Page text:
If they actually did what was required to (maybe) restore America- - the immediate impact would be unpredictable but definitely explosive. End bankster fed ‘legalized’ un-Constitutional counterfeiting cartel. Get back to following the US Constitution. Declare all un-Constitutional made up outta thin air ‘debt’ void (Jubilee). What is impossible to pay won’t be paid; it’s only function is to put the people in serfdom, and make them easier to control. Jail the banksters. End the neo-con overseas wars & actually defend America instead. Tell the Chinese that we raised them up to being an economic powerhouse when they couldn’t even feed their own population prior to Kissinger/Nixon opening up to China. US industry was off-shored to cover the loss of purchasing power of the US dollar. So why don’t we decide to forget about starting thermonuclear WW3 and call us even.

The odds of the so-called American ‘leadership’ class (what a joke) doing this are about zero. So instead they amass as much wealth as they can get & do all they can to weaken & divide the American people before it all inevitably crashes to the ground.

In reply to by TeddyBear

Rex Andrus Sat, 11/18/2017 - 00:20 Permalink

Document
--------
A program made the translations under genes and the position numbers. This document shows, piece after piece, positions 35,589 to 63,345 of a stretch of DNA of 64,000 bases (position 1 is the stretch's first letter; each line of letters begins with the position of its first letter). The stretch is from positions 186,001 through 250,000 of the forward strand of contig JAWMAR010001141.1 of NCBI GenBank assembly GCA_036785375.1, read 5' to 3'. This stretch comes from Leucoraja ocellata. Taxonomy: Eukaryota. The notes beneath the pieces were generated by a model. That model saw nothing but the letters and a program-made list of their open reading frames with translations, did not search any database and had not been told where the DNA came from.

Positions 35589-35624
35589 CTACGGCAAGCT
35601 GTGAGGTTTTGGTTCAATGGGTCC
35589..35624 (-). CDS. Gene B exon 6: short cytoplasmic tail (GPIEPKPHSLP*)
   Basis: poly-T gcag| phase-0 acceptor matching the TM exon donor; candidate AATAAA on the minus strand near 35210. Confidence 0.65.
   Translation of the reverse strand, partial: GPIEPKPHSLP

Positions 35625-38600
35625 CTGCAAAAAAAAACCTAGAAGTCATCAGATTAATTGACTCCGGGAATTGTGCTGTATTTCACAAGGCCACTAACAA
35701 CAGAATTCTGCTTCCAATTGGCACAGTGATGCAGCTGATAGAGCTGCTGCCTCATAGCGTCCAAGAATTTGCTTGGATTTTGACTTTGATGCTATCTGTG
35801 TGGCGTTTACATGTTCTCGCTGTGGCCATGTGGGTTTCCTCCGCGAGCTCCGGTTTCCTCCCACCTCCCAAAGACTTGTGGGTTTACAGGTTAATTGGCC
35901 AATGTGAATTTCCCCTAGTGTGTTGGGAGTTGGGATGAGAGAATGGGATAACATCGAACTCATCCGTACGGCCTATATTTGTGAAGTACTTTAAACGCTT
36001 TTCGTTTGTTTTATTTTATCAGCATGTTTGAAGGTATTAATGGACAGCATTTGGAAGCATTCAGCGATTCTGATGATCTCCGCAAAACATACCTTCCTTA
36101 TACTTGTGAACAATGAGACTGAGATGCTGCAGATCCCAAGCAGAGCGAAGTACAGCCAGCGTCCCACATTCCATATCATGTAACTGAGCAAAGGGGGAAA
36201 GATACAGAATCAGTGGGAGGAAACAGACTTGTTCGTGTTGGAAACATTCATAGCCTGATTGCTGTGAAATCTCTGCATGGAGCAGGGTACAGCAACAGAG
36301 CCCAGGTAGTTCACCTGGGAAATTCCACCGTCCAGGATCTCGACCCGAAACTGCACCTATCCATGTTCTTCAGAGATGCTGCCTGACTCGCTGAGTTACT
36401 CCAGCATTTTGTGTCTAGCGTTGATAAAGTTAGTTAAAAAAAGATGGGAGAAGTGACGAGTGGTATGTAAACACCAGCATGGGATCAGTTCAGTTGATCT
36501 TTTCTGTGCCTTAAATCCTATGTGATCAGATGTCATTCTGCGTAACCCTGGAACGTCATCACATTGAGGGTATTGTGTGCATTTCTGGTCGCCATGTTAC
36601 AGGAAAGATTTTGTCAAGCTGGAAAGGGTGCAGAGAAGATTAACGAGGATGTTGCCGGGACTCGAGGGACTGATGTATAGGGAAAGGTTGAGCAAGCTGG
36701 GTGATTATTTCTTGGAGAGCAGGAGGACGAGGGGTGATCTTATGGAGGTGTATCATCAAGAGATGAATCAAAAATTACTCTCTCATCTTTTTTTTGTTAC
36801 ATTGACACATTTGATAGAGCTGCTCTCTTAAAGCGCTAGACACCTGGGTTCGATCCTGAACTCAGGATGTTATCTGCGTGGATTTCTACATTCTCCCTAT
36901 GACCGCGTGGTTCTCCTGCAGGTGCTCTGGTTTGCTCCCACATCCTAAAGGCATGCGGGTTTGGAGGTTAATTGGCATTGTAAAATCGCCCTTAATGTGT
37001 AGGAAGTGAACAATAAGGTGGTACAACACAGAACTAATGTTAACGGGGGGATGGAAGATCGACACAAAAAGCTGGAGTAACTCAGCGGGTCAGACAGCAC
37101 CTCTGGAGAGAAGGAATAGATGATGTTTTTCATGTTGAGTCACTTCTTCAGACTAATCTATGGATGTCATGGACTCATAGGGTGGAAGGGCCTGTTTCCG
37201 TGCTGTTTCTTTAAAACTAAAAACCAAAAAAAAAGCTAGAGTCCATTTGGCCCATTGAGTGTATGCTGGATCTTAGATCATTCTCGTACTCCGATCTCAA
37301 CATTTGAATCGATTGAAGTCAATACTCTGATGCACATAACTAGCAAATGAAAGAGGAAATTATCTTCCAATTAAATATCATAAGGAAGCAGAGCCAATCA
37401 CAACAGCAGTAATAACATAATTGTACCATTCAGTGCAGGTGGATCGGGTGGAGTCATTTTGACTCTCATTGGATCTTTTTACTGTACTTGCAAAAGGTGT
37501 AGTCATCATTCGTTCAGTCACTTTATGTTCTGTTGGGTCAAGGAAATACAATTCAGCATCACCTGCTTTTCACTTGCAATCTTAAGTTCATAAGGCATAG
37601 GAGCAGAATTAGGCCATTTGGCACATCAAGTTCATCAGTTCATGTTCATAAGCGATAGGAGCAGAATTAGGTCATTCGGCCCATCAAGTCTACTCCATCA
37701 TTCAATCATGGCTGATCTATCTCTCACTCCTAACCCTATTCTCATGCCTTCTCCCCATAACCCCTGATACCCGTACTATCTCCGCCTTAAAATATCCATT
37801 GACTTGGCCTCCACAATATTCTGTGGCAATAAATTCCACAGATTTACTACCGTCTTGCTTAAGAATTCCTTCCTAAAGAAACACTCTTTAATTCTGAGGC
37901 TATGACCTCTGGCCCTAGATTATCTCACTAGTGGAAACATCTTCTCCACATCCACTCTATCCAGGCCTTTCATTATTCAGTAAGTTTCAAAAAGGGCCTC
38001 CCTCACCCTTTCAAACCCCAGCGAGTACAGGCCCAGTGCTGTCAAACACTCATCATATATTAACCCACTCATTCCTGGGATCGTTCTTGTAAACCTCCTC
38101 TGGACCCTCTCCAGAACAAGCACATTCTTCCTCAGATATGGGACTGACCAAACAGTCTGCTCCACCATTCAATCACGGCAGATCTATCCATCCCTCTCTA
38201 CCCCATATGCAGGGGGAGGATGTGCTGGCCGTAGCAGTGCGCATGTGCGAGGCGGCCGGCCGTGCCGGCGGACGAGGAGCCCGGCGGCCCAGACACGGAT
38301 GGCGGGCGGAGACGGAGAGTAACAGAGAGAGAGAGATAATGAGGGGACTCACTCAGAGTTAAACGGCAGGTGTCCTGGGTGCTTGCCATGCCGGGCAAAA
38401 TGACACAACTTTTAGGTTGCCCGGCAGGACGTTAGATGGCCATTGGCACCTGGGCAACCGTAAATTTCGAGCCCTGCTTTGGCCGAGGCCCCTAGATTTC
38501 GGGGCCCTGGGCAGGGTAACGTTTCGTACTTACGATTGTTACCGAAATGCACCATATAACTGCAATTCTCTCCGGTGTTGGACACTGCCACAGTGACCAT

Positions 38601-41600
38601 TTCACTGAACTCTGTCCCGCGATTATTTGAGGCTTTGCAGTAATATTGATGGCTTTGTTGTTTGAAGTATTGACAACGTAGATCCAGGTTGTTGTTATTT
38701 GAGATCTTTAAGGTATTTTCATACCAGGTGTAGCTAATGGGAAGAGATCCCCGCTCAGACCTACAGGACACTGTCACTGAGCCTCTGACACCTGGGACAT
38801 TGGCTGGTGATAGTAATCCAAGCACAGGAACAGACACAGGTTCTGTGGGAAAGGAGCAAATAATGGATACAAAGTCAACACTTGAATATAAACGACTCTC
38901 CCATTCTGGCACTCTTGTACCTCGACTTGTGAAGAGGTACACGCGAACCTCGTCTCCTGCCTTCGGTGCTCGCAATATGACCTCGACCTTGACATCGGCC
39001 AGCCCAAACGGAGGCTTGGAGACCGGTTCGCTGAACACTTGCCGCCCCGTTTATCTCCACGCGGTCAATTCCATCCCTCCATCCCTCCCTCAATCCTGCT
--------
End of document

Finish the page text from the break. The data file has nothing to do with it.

"One of the great philosophers of recent times was surely Sgt. Easterhaus of "Hill Street Blues"."Hill Street Blues!!? David, WTF? if you can't differentiate TV simulacrae from the world old man, you are in a world of hurt. If however you are using tv metaphors to explain yourself to the herd, you're still behind the propaganda unit that constructed these 40 y.o. metaphors you use. TV is a disease.You need to learn to hijack their metaphors. You went to their schools. You lived in their box your whole life. Now you're just a brand, hocking your secondhand hack opinion of censored data to an assumed receptive audience of receptive idiots. This isn’t the NAZI MKULTRA experiment anymore. We got immunity. Not just to psyops. To you too. All you can do now to help mankind is reveal your own experience.We are not receptive. We are attentive.Because of this experimental indoctrination your boomer generation went through there is a whole world around you that you can't even see, smell, taste, feel. You are programmed to fear it. Awareness of us causes you discomfort. Emotional discomfort, and nausea.I experience nausea around you and yours too. I was adopted by your kind. It was as bad as you can imagine.Remember when you were 3 years old? You can, if you try. If you can't, go look at some 3 y.o.s. It'll jog your memory. Remember how you felt. What your impressions of the world were. (((I see ...stars)))Listen to the wind, child. Listen to the trees. Do not put on a wig, neru jackets and go go hip waders to try to convince me you get it. Just walk the path and comment on it. Like James Joyce. Like Ezra Pound. Like my fractal, Neal Cassady. Like Ken Kesey, and Timothy Leary.  Just get it.John Trudell is real. It's about power over YOUR CLASS, David. I? I don't care about money. I just care about the Earth flowing its gifts of clean water and clean air and clean food, tax free, as it has always done. is more than you deserve, old slave. Tell your friends.